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    M240 Machine Gun

    I Can’t Keep It? US Air Force’s Missing Machine Gun Found at Airman’s Home

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    An M-240 machine gun the US Air Force has been frantically trying to locate finally turned up Tuesday after a five-week search, Minot Air Force Base officials announced Wednesday. An airman seems to have brought the firearm back home.

    The gun went missing on May 16, according to a press release from the North Dakota air base. The sparse June 20 press release offers few details, as the investigation remains ongoing.

    It does reveal that Special Agents of the US Air Force Office of Special Investigation obtained a search warrant for an unnamed airman's home off the base and recovered it there on Tuesday. Perhaps the airman took it home as a souvenir, used it for sport, wanted to show it off to his friends, or even planned to sell it on the black market. There's no official word on the airman's intent. 

    Sputnik News reported that the 7.62 caliber, nearly 30-pound weapon was discovered to be missing after a routine weapons inventory check and belonged to the 91st Missile Wing security forces, whose job it is to protect nuclear missile sites. 

    The initial failure to locate the weapon was a double whammy for the airbase, and the 91st in particular, since it had recently misplaced a set of grenades and was still searching for them at the time, too. The grenades apparently fell off of a Humvee while it was going through the nearby Native American Fort Berthold Reservation.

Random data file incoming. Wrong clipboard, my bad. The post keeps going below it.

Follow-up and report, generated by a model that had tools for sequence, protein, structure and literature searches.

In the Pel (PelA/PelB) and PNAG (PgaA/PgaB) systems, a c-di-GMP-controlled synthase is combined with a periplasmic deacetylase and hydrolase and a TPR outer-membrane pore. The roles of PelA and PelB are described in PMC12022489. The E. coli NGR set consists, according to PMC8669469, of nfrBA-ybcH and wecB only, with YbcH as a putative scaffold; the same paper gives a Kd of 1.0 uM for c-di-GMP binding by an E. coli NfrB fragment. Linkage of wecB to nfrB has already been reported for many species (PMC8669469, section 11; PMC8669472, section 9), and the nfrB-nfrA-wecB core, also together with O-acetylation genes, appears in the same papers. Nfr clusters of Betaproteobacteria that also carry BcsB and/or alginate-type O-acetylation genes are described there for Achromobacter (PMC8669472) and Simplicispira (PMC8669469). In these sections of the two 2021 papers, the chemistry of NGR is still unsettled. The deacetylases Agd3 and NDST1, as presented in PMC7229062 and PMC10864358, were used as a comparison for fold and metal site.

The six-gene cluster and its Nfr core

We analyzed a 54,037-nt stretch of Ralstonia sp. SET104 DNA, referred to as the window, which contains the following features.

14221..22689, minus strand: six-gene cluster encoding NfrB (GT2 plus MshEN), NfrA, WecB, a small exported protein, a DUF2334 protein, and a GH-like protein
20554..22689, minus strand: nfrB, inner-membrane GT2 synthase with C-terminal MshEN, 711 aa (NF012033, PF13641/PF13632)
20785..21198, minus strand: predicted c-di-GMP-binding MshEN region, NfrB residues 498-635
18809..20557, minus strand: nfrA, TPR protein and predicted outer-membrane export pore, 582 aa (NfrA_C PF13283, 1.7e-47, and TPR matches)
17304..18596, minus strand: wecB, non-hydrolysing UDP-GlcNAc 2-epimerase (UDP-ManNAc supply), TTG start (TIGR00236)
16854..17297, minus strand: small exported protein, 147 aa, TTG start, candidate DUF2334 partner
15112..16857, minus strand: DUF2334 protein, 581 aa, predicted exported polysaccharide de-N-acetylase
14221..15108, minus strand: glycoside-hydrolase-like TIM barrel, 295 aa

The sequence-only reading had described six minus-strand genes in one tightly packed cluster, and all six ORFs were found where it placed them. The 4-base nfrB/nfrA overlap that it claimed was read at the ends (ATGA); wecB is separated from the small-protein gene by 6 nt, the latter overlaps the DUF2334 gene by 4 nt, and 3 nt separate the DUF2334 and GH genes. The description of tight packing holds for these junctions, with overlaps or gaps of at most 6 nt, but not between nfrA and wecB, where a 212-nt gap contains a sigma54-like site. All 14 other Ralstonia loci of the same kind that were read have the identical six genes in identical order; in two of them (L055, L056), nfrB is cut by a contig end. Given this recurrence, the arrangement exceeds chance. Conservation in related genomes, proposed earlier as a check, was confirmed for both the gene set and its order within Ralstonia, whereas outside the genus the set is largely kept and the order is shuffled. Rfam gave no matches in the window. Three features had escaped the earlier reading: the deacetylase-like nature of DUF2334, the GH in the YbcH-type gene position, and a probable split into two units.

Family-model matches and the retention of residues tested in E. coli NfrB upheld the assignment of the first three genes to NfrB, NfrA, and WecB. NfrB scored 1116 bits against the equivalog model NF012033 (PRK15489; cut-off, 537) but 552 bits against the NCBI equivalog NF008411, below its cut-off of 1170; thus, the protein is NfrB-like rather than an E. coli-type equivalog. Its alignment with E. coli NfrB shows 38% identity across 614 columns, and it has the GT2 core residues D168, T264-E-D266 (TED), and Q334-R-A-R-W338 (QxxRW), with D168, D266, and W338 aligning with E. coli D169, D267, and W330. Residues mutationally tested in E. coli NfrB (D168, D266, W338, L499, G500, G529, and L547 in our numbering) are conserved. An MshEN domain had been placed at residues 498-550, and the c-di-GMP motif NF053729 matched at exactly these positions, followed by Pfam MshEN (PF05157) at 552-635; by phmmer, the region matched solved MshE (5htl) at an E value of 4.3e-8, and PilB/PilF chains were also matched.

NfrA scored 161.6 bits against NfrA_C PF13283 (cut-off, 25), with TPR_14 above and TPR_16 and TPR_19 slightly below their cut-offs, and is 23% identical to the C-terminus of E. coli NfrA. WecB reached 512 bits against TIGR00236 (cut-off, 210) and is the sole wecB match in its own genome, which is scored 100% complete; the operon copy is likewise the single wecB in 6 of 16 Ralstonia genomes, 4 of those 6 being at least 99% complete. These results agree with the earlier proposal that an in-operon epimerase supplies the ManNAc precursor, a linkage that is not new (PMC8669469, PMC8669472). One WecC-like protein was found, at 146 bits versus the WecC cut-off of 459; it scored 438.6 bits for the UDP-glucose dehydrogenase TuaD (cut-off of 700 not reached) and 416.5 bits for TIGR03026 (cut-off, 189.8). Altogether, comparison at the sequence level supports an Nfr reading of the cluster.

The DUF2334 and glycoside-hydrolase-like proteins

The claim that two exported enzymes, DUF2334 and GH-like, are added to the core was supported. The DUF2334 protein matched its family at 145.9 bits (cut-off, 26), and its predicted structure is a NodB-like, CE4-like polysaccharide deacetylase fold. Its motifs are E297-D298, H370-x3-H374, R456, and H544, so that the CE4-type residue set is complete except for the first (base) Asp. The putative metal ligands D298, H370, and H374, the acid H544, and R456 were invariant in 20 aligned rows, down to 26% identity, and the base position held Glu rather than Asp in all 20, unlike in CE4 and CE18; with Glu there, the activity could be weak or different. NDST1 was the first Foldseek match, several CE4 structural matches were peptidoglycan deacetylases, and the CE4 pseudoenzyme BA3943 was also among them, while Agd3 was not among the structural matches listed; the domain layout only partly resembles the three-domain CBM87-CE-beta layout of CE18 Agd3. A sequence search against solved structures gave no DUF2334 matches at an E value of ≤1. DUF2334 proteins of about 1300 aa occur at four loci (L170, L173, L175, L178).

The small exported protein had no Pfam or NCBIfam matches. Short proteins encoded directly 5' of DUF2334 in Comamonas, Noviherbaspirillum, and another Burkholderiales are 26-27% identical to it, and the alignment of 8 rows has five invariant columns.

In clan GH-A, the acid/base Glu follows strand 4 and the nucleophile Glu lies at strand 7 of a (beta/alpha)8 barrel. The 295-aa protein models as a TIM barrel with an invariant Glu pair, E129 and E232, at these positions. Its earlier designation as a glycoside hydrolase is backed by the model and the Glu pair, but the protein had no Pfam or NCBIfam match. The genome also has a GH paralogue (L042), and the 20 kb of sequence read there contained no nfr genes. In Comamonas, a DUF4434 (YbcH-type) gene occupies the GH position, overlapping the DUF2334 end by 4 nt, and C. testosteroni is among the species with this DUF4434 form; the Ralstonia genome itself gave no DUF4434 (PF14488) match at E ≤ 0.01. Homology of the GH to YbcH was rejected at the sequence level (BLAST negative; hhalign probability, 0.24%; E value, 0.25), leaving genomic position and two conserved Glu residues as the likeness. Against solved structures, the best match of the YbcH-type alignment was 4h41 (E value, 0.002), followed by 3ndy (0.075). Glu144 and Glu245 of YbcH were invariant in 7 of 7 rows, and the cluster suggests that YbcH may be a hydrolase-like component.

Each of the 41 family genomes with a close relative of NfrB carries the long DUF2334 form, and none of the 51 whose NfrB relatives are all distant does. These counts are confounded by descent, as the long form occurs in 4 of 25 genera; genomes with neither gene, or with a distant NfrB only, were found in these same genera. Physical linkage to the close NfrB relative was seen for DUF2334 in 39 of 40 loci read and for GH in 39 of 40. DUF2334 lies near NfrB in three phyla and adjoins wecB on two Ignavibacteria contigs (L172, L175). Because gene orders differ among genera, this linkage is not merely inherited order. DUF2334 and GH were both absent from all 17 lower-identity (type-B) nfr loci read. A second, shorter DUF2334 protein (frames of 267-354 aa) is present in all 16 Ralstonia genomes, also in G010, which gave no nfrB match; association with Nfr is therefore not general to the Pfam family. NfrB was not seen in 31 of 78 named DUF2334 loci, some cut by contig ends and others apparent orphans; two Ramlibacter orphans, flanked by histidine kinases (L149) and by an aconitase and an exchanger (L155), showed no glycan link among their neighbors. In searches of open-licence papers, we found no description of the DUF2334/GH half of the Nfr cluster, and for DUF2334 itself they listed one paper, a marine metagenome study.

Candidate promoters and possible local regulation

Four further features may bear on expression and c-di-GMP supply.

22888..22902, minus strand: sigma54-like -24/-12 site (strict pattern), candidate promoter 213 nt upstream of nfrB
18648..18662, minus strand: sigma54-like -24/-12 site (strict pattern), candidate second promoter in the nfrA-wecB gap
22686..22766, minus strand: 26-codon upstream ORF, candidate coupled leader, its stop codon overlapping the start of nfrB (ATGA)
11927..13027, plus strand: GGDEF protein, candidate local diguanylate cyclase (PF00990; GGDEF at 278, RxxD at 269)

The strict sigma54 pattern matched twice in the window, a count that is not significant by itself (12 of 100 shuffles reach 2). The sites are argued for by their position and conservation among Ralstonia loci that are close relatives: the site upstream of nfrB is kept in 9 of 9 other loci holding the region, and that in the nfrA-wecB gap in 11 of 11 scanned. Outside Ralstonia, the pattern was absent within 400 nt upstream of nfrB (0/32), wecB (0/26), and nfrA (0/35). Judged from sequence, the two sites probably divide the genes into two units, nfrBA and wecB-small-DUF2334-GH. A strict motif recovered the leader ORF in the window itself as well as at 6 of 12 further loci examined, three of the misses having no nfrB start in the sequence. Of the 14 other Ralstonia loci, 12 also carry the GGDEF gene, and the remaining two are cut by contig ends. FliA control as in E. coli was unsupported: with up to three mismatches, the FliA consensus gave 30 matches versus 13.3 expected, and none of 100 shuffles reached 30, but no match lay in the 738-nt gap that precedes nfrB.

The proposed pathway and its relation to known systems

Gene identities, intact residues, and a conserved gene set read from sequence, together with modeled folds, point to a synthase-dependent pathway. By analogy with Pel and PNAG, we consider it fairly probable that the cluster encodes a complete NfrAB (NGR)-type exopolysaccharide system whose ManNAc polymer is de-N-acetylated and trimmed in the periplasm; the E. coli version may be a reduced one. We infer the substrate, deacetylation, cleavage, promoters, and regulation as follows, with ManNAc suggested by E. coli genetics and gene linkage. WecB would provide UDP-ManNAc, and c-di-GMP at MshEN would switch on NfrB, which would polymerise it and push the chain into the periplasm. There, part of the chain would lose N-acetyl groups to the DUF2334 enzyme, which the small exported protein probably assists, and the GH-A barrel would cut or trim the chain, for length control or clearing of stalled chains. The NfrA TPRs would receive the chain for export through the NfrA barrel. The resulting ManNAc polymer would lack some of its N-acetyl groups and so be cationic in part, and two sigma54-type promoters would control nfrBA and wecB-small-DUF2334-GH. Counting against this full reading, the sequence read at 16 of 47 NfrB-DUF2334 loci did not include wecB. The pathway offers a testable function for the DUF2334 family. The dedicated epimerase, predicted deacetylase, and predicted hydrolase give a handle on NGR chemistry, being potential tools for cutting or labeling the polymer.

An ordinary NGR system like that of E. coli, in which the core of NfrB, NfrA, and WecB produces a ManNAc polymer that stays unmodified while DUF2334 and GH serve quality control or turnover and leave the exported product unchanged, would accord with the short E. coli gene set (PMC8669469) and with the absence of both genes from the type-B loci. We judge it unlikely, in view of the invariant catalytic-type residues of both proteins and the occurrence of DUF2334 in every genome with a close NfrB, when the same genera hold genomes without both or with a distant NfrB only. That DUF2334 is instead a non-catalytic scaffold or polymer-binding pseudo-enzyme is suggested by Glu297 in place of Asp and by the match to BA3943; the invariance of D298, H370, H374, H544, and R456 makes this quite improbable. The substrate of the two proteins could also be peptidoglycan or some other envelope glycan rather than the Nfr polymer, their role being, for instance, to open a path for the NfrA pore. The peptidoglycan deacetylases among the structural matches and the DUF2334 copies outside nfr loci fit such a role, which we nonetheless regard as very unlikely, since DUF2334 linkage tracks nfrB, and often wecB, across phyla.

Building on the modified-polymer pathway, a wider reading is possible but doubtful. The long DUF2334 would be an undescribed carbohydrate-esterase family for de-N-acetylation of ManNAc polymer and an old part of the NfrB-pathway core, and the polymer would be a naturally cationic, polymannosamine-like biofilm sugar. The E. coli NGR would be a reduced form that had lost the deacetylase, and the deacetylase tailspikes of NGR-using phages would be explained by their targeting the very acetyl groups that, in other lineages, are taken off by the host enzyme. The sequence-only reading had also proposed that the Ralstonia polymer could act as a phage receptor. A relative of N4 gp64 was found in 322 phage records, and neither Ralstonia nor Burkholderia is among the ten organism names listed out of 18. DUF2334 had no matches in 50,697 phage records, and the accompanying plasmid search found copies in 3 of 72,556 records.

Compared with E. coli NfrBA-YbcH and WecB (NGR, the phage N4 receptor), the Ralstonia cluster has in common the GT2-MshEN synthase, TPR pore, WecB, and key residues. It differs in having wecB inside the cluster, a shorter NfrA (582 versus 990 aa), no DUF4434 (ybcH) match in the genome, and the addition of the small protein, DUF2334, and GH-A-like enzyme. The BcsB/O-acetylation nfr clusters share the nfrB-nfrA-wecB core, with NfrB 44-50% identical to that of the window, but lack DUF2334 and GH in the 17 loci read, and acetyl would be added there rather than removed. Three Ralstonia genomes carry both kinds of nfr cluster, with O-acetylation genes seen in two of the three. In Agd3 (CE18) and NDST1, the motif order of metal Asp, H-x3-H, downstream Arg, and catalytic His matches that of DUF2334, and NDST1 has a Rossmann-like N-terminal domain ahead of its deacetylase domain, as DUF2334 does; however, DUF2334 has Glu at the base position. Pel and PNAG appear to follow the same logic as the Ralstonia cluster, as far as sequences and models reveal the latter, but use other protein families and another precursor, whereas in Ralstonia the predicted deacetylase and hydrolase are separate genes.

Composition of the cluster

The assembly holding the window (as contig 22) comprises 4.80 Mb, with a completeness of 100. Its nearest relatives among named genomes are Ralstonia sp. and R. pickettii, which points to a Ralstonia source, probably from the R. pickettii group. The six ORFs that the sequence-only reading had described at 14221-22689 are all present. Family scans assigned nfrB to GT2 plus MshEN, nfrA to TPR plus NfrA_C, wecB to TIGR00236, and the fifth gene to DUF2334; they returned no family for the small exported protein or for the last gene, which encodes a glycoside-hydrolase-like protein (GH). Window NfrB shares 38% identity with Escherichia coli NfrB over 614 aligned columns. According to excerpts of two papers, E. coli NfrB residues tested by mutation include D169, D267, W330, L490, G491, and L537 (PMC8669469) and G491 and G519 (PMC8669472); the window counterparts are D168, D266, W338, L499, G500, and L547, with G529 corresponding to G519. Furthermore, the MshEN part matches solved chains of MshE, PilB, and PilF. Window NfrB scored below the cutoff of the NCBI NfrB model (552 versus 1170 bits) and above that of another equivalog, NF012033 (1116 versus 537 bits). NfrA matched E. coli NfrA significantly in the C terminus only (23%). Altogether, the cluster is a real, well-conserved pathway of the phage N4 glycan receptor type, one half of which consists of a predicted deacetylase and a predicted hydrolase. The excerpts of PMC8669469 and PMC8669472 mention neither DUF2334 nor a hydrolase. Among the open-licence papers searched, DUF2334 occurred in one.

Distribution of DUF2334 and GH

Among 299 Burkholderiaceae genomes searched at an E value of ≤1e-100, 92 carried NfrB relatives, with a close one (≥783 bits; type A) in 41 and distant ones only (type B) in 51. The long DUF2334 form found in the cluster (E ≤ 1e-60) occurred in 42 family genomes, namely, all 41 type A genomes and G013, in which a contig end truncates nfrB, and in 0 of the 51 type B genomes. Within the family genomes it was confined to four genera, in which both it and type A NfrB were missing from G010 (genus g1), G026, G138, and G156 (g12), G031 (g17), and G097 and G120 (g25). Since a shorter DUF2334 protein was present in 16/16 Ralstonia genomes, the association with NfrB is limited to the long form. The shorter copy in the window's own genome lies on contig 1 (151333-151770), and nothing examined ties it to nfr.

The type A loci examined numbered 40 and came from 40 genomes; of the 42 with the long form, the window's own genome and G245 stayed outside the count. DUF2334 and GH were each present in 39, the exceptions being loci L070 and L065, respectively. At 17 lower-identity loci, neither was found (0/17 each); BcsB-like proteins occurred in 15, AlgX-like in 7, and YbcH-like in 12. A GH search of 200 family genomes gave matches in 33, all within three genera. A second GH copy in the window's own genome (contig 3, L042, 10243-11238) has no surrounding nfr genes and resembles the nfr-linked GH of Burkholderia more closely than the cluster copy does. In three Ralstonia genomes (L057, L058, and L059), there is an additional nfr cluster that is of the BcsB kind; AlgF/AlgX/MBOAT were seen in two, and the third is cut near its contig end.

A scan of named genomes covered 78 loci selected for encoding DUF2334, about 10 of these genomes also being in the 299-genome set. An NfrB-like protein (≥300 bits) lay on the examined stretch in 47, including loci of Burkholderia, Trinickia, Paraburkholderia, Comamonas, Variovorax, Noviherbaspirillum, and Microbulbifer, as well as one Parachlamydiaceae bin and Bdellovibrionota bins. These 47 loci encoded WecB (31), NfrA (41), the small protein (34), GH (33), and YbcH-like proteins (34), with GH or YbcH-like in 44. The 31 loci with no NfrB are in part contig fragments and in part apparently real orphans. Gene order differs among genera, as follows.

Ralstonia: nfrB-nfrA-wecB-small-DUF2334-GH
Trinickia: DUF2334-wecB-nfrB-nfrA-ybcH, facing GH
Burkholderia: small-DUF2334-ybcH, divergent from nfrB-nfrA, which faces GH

Sputnik News reported that the Air Force Office of Special Investigations offered a $5,000 reward for information leading to the recovery of the grenades and groups of 100 airmen traversed the six-mile path multiple times, both to no avail.

    Eventually, the base gave up the hunt. But while the grenades and the machine gun were still missing, a weapons inventory check was ordered by Global Strike Command and was conducted across eight military facilities.

    And on May 23, the commander of the 91st Security Forces Group, Col. Jason Beers, was even fired for the mishaps, which caused a "loss of confidence." He's probably got much less to worry about than the servicemember who took the machine gun, however, as he has landed a new gig as the chief of the installations division at the Air Force Special Operations Command.

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